Restoring neglected masterworks at the Aspen Music Festival |

Restoring neglected masterworks at the Aspen Music Festival

The Pacifica Quartet puts the groundbreaking Black composer Florence Price on the big stage at the Aspen Music Festival

The Pacifica Quartet this summer is leading the Center for Advanced Quartet Studies at the Aspen Music Festival and School. The group will give a recital at the Benedict Music Tent on Thursday. Courtesy photo

What: A Recital by the Pacifica Quartet

Where: Benedict Music Tent

When: Thursday, July 8, 7 p.m.

How much: $75


More info: the program includes Florence Price’s String Quartet No. 1 in G major, Fanny Mendelssohn Hensel’s String Quartet in E-flat Major and Prokofiev’s String Quartet No. 2 in F major

Pacifica Quartet won its second Grammy Award this year, for its latest album, “Contemporary Voices,” for which the group recorded the Pulitzer Prize-winning contemporary composers Shulamit Ran, Jennifer Higdon, and Ellen Taaffe Zwilich.

The Illinois-based group engineered a pandemic-safe rehearsals space in an open-air garage last year, which allowed them to continue practicing, to work on new repertoire and the “Contemporary Voices” compositions, and led to the much-anticipated program they will perform July 8 at the Benedict Music Tent.

Pacifica is an Aspen staple and leads the Center for Advanced Quartet Studies at the Aspen Music Festival and School. After about a year off due to pandemic cancellations, the quartet has been playing for live audiences in varied set-ups around the U.S. since March.

“We’re thrilled to be back in our chairs playing for live audience and plying such great rep,” said violinist Austin Hartman.

The quartet’s Aspen program includes Pacifica performances of a string quartet by Florence Price, the groundbreaking African-American composer whose works are among those being spotlighted this summer as part of the Aspen Music Fest’s equity initiative. Price has a second quartet on the schedule July 22 in a recital by the Excher String Quartet.

I talked to Hartman about Price’s work and another neglected female composer, Fanny Mendelssohn, and about Pacifica’s role in returning their work to its rightful place in the canon.

AT: How did Pacifica Quartet start digging into Florence Price’s work?

AH: We did a whole program devoted to the 100th anniversary of women’s suffrage in America. And we thought this Florence Price piece would be wonderful to include as part of that project. And we enjoyed it so much that we wanted to program it outside of that project. We’re thrilled to be able to play it.

AT: Do you have previous history with Price’s work?

AH: All of us had known about Florence Price and so many of her pioneering achievements — being the first Black woman to be recognized as a symphonic composer, and to have her piece played by major symphony orchestras, and to get to know her chamber music as well. You know, she composed the two string quartets as well as five folk songs and two piano quintets. Knowing all of this repertoire, we thought, “Let’s really unpack this. We knew the slow movements, more so than the first movement. But the first movement is really beautiful and good-natured—generally the piece has such a sense of optimism throughout, which we love. We love that sound of that we love the soulfulness of movement, which we think is probably the gem of this quartet.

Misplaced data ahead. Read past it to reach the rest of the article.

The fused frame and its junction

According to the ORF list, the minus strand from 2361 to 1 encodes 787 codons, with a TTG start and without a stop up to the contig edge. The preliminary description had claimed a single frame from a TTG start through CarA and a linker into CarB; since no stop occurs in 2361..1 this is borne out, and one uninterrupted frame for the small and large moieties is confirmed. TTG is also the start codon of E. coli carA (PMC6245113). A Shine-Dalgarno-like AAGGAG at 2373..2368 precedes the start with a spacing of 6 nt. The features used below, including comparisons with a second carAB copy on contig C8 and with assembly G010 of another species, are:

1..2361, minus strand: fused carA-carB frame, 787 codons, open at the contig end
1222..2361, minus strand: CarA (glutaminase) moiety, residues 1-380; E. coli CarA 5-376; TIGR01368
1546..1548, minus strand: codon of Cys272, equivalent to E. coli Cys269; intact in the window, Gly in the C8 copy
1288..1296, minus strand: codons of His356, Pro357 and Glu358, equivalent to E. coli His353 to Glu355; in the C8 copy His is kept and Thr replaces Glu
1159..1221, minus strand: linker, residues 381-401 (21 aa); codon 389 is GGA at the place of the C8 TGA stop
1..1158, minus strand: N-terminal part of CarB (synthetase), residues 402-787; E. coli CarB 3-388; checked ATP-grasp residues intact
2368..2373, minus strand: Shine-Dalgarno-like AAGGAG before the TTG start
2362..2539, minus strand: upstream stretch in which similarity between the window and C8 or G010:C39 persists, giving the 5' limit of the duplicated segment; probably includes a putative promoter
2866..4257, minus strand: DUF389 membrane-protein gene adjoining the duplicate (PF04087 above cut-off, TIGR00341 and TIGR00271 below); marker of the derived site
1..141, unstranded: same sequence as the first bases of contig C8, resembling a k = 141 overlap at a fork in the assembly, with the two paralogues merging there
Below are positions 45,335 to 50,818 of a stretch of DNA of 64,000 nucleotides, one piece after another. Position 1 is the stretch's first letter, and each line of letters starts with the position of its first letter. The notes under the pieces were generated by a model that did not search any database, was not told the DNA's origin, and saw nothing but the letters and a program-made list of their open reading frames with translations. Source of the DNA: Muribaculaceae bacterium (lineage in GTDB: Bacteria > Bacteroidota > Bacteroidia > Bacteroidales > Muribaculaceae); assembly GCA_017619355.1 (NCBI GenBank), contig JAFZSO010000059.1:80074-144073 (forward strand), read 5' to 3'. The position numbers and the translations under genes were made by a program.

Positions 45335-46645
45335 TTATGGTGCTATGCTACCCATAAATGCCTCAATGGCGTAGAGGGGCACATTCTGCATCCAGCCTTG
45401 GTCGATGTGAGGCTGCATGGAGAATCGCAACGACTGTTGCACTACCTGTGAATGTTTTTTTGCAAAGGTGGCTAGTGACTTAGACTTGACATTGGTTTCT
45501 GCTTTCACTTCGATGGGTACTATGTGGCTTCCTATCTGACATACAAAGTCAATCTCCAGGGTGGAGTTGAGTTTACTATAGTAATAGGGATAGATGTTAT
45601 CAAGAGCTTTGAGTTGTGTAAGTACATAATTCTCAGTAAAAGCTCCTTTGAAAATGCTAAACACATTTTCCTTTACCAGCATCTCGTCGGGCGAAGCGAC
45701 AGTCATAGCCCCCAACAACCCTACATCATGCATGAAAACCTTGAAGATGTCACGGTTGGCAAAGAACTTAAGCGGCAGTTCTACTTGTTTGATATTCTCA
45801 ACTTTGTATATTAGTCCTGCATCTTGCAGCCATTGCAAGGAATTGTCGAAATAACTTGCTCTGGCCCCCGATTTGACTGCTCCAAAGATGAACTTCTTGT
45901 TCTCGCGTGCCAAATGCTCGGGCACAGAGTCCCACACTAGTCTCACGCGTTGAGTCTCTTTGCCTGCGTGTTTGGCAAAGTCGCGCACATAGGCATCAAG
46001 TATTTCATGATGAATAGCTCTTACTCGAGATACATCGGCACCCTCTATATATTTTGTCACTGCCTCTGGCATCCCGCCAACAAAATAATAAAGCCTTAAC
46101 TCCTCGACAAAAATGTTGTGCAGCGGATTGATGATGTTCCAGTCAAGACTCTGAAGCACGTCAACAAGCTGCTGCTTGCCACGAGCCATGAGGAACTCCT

‘The Heart of a Woman: The Life and Music of Florence B. Price’

By Rae Linda Brown

336 pages, $29.95

University of Illinois Press, 2020

‘Fanny Hensel: The Other Mendelssohn’

By R. Larry Todd

426 pages, $38.75

Oxford University Press, 2009

AT: And the the Fanny Mendelssohn piece has sort of a similar history, in that it hasn’t been performed as much through the decades due to sexism. It’s part of the “Women of Uncommon Note” theme in Aspen this summer. How you come to that piece?

AH: Well, the Pacifica quartet has done large cycles of pieces, including the Felix Mendelssohn string quartet cycle. Playing that, we’ve known the importance of Fanny Mendelssohn, both personally for Felix, and in terms of her writing. If you know the Felix Mendelssohn string quartets, and then hear this piece, many people might be wondering, “Well, who composed what?” There’s some questions as to whether Felix composed all of all of the notes of all those pieces. There’s suspicion that maybe she had her hand in some of Felix’s compositions. And of course, this piece has so many wonderful, beautiful moment moments, there’s the romance of this is evocative first movement that we enjoyed playing and the last movement has a fiery, quicksilver feeling.

AT: It’s important to you then, to use your platform to raise up voices from neglected composers to move music toward gender equity and racial equity? Do you consciously think about those choices and their impact?

AH: As a quartet, and as a serious classical performing artists really feel it’s important to give everyone a chance to be heard. And that goes from pieces of the past to pieces of the present. The way that we see our platform is that we are interested in bringing attention to composers that have composed what we believe are great masterpieces, and that deserve a hearing in this time. And so that goes to a piece say like the the Florence price that was written in 1929 to things that are new — like, we’re doing a bunch of commissions even this season. And I think that that’s the beautiful thing about our repertoire is it covers many centuries, and we’ve had the opportunity to unpack those pieces and to get to know them. And the pandemic was an opportunity for us to explore some of these new, forgotten masterworks and then to find creative ways of spreading them into our programming.

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